Cape Town professor David Lurie blatantly refuses to defend himself for an affair with a colored student whom he gave a passing grade for an exam she didn't even attend. Dismissed, he moves to his daughter Lucy's farm, which she runs under most disadvantaged terms, favoring the black locals. Yet rowdies, unprovoked, violently rob and abuse them both. Lucy refuses to fight back, unlike David, who is surprised by his own altruistic potential.Written by
The film was financed by the Film Finance Corporation Australia, Newbridge Film Capital, Whitest Pouring Films, the New South Wales Film and Television Office and the South Australian Film Corporation. See more »
The notices in the lecture theater "Mid-term test" and "Casanova - your time is over" appear to have been written by the same person. Given the professionalism adopted by the university in its investigation of Mr Laurie it does not seem plausible to suggest that one person (say, a teacher's aide) wrote both notices. See more »
The story line is that: the father has sexual proclivity for colored young women, and abuses his power to get what he wants; the daughter (who, of course, is white) who lives a secluded life in a sea of blacks, chooses to endure and submit to the humiliation of being raped, robbed, and taken advantage of by her black neighbours, so that she can continue with her way of life in the country; the father, gaining insight into his own past abuse of power through the blacks' abuse of power upon his own daughter, finally repents and becomes genuinely remorseful for his own abuse of power (over young black women). In other words, he has finally realized how "disgraceful" his past conduct used to be.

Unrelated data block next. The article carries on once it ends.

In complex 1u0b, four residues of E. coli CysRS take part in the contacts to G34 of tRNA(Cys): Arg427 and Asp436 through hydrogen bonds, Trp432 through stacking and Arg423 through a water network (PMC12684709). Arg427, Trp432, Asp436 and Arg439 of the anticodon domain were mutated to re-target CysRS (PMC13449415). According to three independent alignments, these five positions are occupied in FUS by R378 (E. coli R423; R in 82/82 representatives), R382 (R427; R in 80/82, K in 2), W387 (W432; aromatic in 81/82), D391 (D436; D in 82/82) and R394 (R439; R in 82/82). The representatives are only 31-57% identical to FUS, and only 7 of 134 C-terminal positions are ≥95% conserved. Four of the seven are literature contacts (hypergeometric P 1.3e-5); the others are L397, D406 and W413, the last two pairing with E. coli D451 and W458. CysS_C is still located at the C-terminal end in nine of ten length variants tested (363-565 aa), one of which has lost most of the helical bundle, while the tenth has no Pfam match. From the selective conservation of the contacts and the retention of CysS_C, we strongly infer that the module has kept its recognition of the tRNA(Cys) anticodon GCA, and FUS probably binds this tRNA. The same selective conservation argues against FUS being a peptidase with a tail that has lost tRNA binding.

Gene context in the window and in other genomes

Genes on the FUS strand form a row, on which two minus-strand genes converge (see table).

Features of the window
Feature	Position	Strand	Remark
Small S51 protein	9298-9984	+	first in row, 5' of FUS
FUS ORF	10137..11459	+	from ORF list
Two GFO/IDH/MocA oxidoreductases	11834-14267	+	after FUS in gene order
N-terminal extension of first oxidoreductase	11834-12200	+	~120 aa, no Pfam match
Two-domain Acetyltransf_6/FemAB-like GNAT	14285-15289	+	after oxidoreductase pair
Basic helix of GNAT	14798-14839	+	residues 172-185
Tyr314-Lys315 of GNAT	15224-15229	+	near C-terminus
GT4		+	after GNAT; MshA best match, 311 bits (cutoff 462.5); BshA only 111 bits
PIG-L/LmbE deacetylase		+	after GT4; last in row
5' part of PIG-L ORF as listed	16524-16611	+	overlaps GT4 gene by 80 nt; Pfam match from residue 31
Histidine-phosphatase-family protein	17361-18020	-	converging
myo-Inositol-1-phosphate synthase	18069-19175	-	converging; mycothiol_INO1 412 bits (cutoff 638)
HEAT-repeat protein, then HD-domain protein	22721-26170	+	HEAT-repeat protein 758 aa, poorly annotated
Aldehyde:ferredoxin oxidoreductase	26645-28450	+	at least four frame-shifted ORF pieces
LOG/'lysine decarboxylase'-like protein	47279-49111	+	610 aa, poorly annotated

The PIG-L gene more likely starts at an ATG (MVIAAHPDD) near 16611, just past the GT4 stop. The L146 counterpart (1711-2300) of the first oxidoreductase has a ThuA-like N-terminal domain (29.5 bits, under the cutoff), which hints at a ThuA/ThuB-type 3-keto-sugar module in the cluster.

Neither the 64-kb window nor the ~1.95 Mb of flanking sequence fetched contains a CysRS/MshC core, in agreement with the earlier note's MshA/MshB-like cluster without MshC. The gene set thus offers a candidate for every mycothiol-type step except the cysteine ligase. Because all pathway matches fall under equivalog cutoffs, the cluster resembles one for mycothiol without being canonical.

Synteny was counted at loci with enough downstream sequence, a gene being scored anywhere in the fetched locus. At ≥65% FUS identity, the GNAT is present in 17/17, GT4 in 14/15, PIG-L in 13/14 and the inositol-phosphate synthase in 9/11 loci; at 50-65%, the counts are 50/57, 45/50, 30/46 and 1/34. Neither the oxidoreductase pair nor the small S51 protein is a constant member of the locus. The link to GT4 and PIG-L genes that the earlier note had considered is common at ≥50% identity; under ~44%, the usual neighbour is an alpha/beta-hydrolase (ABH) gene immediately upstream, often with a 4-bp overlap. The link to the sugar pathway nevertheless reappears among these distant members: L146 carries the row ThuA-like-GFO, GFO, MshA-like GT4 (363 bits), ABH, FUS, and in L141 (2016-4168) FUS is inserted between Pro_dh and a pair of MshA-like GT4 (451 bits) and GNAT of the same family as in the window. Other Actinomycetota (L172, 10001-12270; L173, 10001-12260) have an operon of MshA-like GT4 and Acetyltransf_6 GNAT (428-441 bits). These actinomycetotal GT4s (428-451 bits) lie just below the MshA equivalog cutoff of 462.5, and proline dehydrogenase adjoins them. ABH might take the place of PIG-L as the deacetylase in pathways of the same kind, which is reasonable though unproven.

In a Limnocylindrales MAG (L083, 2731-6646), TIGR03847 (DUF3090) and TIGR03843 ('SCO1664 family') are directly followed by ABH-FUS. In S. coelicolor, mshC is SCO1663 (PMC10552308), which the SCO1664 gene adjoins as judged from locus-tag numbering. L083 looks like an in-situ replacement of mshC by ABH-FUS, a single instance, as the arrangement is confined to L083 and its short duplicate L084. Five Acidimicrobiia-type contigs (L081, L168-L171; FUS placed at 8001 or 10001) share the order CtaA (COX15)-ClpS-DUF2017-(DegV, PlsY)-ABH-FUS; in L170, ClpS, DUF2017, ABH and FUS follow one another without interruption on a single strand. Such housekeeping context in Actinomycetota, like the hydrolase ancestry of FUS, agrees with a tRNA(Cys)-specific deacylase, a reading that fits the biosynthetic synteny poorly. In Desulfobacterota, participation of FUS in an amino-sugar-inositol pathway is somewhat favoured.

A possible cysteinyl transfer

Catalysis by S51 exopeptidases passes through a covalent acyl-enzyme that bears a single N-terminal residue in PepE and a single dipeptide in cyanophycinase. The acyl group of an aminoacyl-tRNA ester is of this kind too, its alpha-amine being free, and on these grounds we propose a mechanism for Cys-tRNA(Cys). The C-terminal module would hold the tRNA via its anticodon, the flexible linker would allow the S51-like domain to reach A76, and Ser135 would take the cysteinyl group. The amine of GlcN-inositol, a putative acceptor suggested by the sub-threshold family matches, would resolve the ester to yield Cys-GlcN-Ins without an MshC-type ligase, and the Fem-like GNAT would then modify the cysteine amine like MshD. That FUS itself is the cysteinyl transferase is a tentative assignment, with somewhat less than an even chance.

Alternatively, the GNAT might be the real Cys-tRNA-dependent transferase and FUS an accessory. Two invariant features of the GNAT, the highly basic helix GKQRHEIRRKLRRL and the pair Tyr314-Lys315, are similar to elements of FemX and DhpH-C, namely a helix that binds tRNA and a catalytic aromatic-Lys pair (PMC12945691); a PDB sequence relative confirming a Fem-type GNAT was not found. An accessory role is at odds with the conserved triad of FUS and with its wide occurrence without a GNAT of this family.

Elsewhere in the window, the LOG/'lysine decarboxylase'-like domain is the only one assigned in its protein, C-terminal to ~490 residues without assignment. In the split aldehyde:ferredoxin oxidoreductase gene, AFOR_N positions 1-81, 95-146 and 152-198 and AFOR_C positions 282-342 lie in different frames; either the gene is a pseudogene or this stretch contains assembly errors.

So, it is an allegory of the nation of South Africa itself: father is the old Apartheid-South Africa, abusing, humiliating and taking advantage of black people; daughter is the whites in the 'new' South Africa with blacks in power, abusing, humiliating and taking advantage of the cowered whites in their turn. Just as the old whites robbed the blacks of their land, made them beg for their mercy, the daughter is now being robbed of her land by Petrus and depends on him to keep the black boys away from her. Now the table has turned. Just as Lucy has voluntarily become Petrus' tenant on her own land, South African whites, by handing the power over to the blacks, become blacks' tenants in their own land. Simbolically, across Lucy's house Petrus has built a brand new house, as if telling Lucy that this land is now my land.
The thing is, the movie is improbable and rather far-fetched in one crucial aspect: why the victims are going to so many lengths to submit to the abusers (in both father's and daughter's cases) to such extreme degree. Did the college girl not have the option of reporting the professor's conduct to the disciplinary board? Did she not have the free will to refuse the invitations and wining and dining? Did the professor force himself upon her? Now let's turn to the daughter: She knows that Petrus had masterminded the robbing and rape in order to drive her out of the farm: Yet she still makes a deal with him on such humiliating terms for his "protection" The victim of rape is seeking protection from further rape by making a humiliating deal with the rapist. Is she an incurable masochist? Or is there some compelling reason that she will not or cannot leave the farm? The movie never tells. Perhaps the movie is attempting to allegorize and translate into personal dimension the change that has happened in the relationship between the whites and blacks in South Africa in general. But the story as told in the format of movie simply fails to convey the subtle nuances in the novel, and would only look improbable and far-fetched to whoever sees the movie without first reading the novel.
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